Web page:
Before every semester begins, students are encouraged to purchase the textbooks for their classes. First-time students may purchase every textbook the bookstore labels as required for them. They end up purchasing these textbooks they may not end up using in their classes for hundreds or even thousands of dollars.

According to APSU Bookstore Manager Shonte Cadwallader, at the start of each semester, professors notify the bookstore of the materials needed for their course to ensure they are available come the first day of class.

“Each semester, we connect with faculty members in person, via email or through our online faculty portal and they provide us with the title of the textbook they plan to assign to their students,” Cadwallader said.

A keyword to note there is “plan.” Professors follow a curriculum and often maintain the same flow across semesters. However, there may be an instance where the professor decides to change things and teach the material a different way.

“My professor had no idea that our Art book was labeled required through the bookstore. [The professor] gave us a link to the free online version of it and told us to use that instead. I literally saved so much money,” sophomore K-5 education major Brianna Huelsman said.

If a student purchases textbooks and later learns about the free options available to them, they could return the textbooks during the first week of classes with the original receipt for a full refund. During the first 30 days of classes, if a student changes their schedule, they could return the textbooks with the original receipts and proof of a schedule change during the first 30 days of classes for the full refund. This information is not explicitly told to students and many take the loss.

“You know, I had no idea that we could sell our books back within the first week because if I did, I would have done it,” Sophomore communication major Kieshun Dixon said. “I feel like [the bookstore] hasn’t communicated that enough as they should have.”

There are ways to get your textbooks for free on campus. For example, the Military Student Center (MSC) offers free textbooks to students. The center has a “Texts for Vets” program, which is a donation based book-loan program that offers all students (military-affiliated or not) textbooks at no cost. All the books in stock at the MSC were donated by previous students and individuals that donate money to the center so that better, more updated texts are available.

“Because it’s donation based, we have a variety of books and subjects. Most of them deal with core subjects,” Veterans Administration Work Study Joshua Kohler said. “We have enough to cover a lot of the core courses you need across your first two years.”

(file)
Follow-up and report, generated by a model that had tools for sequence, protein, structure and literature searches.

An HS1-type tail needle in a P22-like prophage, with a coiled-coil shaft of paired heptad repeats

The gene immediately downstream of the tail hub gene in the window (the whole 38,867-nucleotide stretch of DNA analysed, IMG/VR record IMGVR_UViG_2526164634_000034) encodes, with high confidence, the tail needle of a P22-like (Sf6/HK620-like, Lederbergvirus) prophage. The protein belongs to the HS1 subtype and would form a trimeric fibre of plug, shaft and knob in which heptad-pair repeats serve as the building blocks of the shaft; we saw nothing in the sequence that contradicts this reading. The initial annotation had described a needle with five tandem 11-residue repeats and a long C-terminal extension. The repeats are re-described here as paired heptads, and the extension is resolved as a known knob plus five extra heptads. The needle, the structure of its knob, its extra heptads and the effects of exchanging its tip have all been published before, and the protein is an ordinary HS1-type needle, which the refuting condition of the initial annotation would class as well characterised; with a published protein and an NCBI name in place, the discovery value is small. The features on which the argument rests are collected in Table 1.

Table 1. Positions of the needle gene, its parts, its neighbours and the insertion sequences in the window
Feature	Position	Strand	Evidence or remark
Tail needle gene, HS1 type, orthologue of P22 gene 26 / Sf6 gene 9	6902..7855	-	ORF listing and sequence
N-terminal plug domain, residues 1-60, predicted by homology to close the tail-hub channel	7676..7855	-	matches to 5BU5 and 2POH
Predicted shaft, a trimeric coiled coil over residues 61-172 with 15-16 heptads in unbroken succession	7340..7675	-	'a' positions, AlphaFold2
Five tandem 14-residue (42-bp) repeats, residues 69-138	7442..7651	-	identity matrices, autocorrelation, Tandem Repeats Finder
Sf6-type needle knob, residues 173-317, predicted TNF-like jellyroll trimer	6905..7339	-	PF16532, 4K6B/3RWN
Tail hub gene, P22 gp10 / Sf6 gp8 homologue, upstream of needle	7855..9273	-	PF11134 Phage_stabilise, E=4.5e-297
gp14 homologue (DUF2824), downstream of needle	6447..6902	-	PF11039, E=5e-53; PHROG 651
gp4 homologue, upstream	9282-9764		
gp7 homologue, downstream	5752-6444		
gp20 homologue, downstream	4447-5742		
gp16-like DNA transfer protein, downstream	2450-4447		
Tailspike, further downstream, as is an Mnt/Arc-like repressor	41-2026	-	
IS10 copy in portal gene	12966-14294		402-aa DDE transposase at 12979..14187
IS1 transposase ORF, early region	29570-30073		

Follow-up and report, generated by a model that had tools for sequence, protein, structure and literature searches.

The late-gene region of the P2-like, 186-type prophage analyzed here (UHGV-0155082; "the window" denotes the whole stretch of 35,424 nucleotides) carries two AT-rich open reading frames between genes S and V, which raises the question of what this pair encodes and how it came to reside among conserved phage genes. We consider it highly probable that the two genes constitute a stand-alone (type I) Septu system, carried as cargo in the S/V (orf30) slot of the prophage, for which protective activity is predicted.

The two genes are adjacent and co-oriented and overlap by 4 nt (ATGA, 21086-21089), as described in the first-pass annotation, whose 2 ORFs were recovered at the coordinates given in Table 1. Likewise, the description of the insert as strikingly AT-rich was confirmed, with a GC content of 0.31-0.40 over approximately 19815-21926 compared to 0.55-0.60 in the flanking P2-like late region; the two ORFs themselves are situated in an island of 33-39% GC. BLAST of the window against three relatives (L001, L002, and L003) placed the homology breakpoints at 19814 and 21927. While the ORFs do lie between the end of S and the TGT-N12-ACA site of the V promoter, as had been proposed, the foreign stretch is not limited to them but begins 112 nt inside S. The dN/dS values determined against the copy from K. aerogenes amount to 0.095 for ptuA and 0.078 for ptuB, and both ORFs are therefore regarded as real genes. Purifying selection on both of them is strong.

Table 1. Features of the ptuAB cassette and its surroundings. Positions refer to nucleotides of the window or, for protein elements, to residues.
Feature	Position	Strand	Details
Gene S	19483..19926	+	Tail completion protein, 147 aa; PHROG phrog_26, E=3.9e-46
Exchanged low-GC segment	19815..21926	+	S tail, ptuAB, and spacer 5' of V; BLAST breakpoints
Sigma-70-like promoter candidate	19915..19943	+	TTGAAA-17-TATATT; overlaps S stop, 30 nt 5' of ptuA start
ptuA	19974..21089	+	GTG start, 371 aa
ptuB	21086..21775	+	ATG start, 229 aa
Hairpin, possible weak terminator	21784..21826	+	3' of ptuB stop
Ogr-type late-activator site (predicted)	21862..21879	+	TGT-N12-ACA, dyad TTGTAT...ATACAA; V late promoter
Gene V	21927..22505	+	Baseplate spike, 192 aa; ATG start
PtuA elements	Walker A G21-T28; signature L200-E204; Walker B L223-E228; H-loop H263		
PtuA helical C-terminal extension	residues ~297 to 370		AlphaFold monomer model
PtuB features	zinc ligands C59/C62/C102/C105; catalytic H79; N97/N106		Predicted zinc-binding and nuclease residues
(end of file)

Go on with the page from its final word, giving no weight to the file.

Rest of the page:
When asked if the MSC could work in conjunction with the bookstore for more affordable pricing on textbooks rather than have one location on campus cost students so much and another location on campus cost students so little, Kohler says working with the bookstore to reduce costs is not entirely feasible.

“[The bookstore] is a business. They’re owned by Barns & Noble and ultimately, they have to make money. Whereas, as a student center, we can offer our program to any student because part of every students’ fees helps fund us,” Kohler said.

Kohler believes that if the MSC did partner with the bookstore, the outcome would result in cash allotments for students to reduce costs. In the long run, however, it would not be as effective as purchasing the books themselves and having the books usable for several semesters while the edition is still valid.

There are instances where students can price match on textbooks that they cannot find anywhere for free. The bookstore’s price match program allows students to find better pricing options for their books from places like Amazon or Barns & Noble. The books need to be shipped and fulfilled by Amazon and Barns & Noble. This does not include third-party sellers on these platforms.

“Third-party sellers are excluded from our price matching program to protect against fraudulent third-party listings and counterfeit merchandise,” Cadwallader said. “The third-party seller exclusion is standard in the retail industry.”

While students are more than welcome to take the risk and purchase from the third-party sellers, the main incentive to price match at the bookstore is the convenience factor.

“I pretty much never buy my books from the bookstore anymore. I get them from Chegg or Amazon because they are cheaper. Third-party or not, the book looks the same to me,” Huelsman said.

Another way to find textbooks is through other students. On the Peay Mobile app, students can search for and buy the textbooks they are looking for at affordable prices.

Textbook costs are a unanimous struggle. While the bookstore is a viable resource for textbooks, it is important to note that there are more ways to get what you need. Look for cheaper, more affordable pricing on other websites, such as Chegg and BigWords. Apply for the “Texts for Vets” program through the MSC. Speak to former students or professors directly before purchasing anything and be wary of the limited refund window.